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North American lithium supply chain moderator James Frith (left) and panelists (from left) Mujeeb Ijaz, Robert Privette, Rakesh Nahta, Hideki Ozawa and Kevin Rhodes. (Chris Clonts)

Leaders Optimistic North America Lithium Supply Gap Can be Eliminated

Facing a deficit of around 500 GWh of North America-supplied lithium for the EV market, a panel of industry leaders talked about the path toward a solution.

At the Battery Show North America in Novi, Michigan, this week, a panel of leaders addressed North America’s lithium supply challenges and how aggressive movement from companies and governments will attempt to address the problem.

Moderator James Frith, a principal with Volta Energy Technologies, opened by laying out the extreme challenges, including the fact that a decade ago, 75% of the world’s lithium supply came from China, Chile and Australia. “By 2030,” he said, those countries’ share of all supply will be less than 50% He laid out an even starker number: That next year, 2024, there will be roughly 850 GWh of demand in the North American lithium market, but only 350 GWh of supply.

Given the importance, from both geopolitical and supply-efficiency perspectives, of securing more North American-based lithium supply for the rapidly advancing EV market, it may be surprising that companies think the challenge can be met. Mujeeb Ijaz, founder and CEO of battery manufacturer Our Next Energy, expressed optimism. “We’re in a rapidly evolving story,” he said. “I think we’re going to cure the gap in a matter of years. In just one year, we’ve seen 15 factories announced and $70 billion in investments. I think next year [will only see that number grow].” Ijaz also said that managing just the lithium supply provides only a partial solution. As more companies like his bring non-lithium-based batteries to market, demand should drop. “Demand management must be part of the solution,” he said.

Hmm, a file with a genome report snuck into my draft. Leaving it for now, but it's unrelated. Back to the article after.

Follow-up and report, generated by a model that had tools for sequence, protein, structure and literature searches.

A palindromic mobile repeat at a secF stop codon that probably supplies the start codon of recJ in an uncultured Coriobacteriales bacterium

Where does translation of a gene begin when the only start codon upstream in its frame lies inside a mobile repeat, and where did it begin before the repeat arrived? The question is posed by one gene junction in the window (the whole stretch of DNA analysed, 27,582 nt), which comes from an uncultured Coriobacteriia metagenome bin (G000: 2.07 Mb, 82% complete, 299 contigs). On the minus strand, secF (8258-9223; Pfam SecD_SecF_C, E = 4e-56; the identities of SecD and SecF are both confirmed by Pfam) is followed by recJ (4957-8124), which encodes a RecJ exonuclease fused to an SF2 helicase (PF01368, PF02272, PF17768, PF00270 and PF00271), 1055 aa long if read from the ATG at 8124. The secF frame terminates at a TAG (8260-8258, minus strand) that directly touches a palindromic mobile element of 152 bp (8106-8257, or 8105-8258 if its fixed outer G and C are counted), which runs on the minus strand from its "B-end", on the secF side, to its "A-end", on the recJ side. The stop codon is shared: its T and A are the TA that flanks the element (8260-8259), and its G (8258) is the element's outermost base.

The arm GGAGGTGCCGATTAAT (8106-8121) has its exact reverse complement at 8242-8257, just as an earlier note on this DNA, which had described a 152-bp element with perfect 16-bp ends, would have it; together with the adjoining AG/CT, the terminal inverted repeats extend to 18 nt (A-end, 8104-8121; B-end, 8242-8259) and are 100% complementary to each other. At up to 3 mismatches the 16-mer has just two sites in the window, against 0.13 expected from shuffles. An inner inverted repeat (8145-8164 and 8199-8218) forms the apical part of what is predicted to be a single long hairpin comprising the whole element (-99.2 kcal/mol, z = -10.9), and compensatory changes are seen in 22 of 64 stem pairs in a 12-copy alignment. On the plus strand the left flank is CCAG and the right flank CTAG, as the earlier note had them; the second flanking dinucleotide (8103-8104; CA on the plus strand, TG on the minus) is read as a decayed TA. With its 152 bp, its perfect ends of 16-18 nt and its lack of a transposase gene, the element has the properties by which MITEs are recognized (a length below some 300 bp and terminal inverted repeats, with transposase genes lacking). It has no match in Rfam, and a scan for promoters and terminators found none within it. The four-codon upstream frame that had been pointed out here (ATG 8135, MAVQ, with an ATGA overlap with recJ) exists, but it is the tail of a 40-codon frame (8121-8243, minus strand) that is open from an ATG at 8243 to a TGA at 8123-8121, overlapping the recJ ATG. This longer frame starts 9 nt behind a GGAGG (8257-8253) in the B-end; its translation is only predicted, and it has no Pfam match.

Robert Privette, the business development manager for cathode supplier Umicore, said he didn’t think all this need would cause an unsustainable increase in lithium prices. “We just can’t afford to have more expensive lithium,” he said. “We just can’t afford the margins.” That means firms will rush in to help meet demand and keep prices down.

Privette was also one of the majority of panelists who said maintaining a diverse supplier list was key. One clear drawback of relying on a single supplier is figuring out what happens if the supplier can’t deliver the correct purity of lithium for batteries? There must be other suppliers to draw from. Frith added that, as OEMs begin to contract directly with second-tier mining companies, which he called “junior miners,” it was just impossible that they will all be able to provide the proper purity.

Ford senior manager of value chain and quality, Rakesh Nahta, said that like other aspects of the supply chain, mining requires the efforts and investments of companies like his, government and other suppliers like cathode makers. He mentioned that the level of investment would be in the billions of dollars. “You cannot expect just one supply chain book [correct word?] to do this. This has to be managed by all parties.”

Kevin Rhodes, vice president of batteries and advanced fuels at Caterpillar, said having North American and local suppliers online had the additional benefit of making policy work easier. “Local suppliers are a big deal in helping us influence local and regional policy interactions,” he said.

Our Next Energy’s Ijaz laid out the three ways he thinks the Inflation Reduction Act has helped the supply chain. “First, it gave us companies an advantage in sourcing U.S. suppliers, and emerging U.S. suppliers fit in a category every U.S. OEM wants us in the supply chain,” he said. “But no one wants to take the risk on emerging a supply chain. So there has to be some incentive. Second, it gave us a cost advantage. We are leveling the playing field in terms of our capability to enter the market. ... The third is that it gave a consumer advantage to buying a product through a tax credit where the consumer actually knows whether the products comply or not. And that's like a vote of confidence that the product manufacturer gets.”

Also on the panel was Hideki Ozawa, vice president of lithium hydroxide for Albermarle Energy Storage.

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